MELBOURNE, AUSTRALIA—In a tearful admission following his seventh Grand Slam title at the Australian Open Sunday, Roger Federer told members of the press that, while he "like[s] tennis okay," there are at least three other sports he would rather be playing or watching.

"Tennis is all well and good, and yes, I'm great at it, and sure, I've made millions of dollars playing this sport, but when you get right down to it, it's just a game of human Pong," Federer said. "On the rare occasion that I hear the roar of the crowd during one of my matches, I like to pretend I've just hurdled into the end zone, or sank a three-pointer at the buzzer, or hit a home run to win the game."

"Just the thought of all the exciting moments that can happen in other sports is enough to make me want to give up tennis, buy a big-screen TV, and sit at home all day watching ESPN Classic for the rest of my life," added Federer, placing his Australian Open trophy where it wouldn't obscure his signed photo of Cal Ripken Jr.

While tennis is the most important sport to Federer's livelihood, he admitted that he follows baseball, football, and basketball far more closely.

"I couldn't even tell you who the No. 1 ranked tennis player in the world is right now," Federer said. "It's probably me, still. It is, isn't it? That's so weird when you think about how I don't really care one way or another."

Federer, known for his reserved, unemotional style of play on the court, said his famous "stoicism" is usually just his mind wandering off to thoughts about that night's NBA schedule, or whether it would be worth it to purchase the MLB Extra Innings cable package.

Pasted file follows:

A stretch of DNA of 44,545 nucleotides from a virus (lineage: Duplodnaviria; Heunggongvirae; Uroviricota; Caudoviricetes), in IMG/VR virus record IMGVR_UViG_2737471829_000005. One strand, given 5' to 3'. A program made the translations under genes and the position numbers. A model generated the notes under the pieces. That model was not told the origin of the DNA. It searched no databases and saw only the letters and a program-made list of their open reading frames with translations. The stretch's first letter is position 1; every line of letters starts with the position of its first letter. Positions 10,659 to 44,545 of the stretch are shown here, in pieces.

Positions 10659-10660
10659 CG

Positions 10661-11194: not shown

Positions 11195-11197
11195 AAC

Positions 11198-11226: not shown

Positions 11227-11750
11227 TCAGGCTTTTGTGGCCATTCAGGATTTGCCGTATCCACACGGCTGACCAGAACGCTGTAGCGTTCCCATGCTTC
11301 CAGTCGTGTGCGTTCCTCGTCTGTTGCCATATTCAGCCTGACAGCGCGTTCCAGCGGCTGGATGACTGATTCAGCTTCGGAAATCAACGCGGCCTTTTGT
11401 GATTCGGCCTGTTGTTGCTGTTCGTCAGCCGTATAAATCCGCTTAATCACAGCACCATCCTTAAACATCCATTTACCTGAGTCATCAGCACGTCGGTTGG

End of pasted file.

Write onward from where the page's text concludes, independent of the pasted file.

"People always assume I'm concentrating on the match, but how can you concentrate on tennis when there are literally 10 football games being played at the same time? It takes all my mental faculties to not run off the court and try to find a TV," Federer said. "Thank God the [Australian Open] finals didn't fall on Super Bowl Sunday. I might have had to forfeit."

After a teary-eyed Federer accepted the Australian Open trophy from tennis icon Rod Laver, the last man to sweep all four Grand Slam events in the same year, he attributed his uncharacteristic show of emotion to his sudden on-court realization that he will probably never become a major-league baseball player.

"Sure, Rod Laver is my hero—my tennis hero," Federer said. "But if I had the opportunity to just meet—never mind receive an award from—Ken Griffey Jr., Troy Aikman, or Michael Jordan, I would be so much more thrilled."

"No offense to Rod Laver, who was a great tennis player and is probably a very nice guy," Federer added.

Federer, who blames his inability to bring home a French Open title on the fact that it usually falls right in the midst of the NBA postseason when he has other priorities, has also begun to take a liking to golf and often catches himself practicing his swing between sets.

"Golf is a lot like tennis in that it requires immense focus and concentration, but ultimately it's so much more relaxing and rewarding than two guys hitting a ball back and forth for hours on end," Federer said. "One more 90-degree day on clay courts, and I might just consider joining the PGA Tour."

Federer added that, while he doesn't technically consider stock-car racing a "sport," he finds it "much more exhilarating and interesting than tennis" and would "happily trade in all the Wimbledons in the world for a chance to ride shotgun in a Chevy Monte Carlo at Daytona with [his] idol Kurt Busch."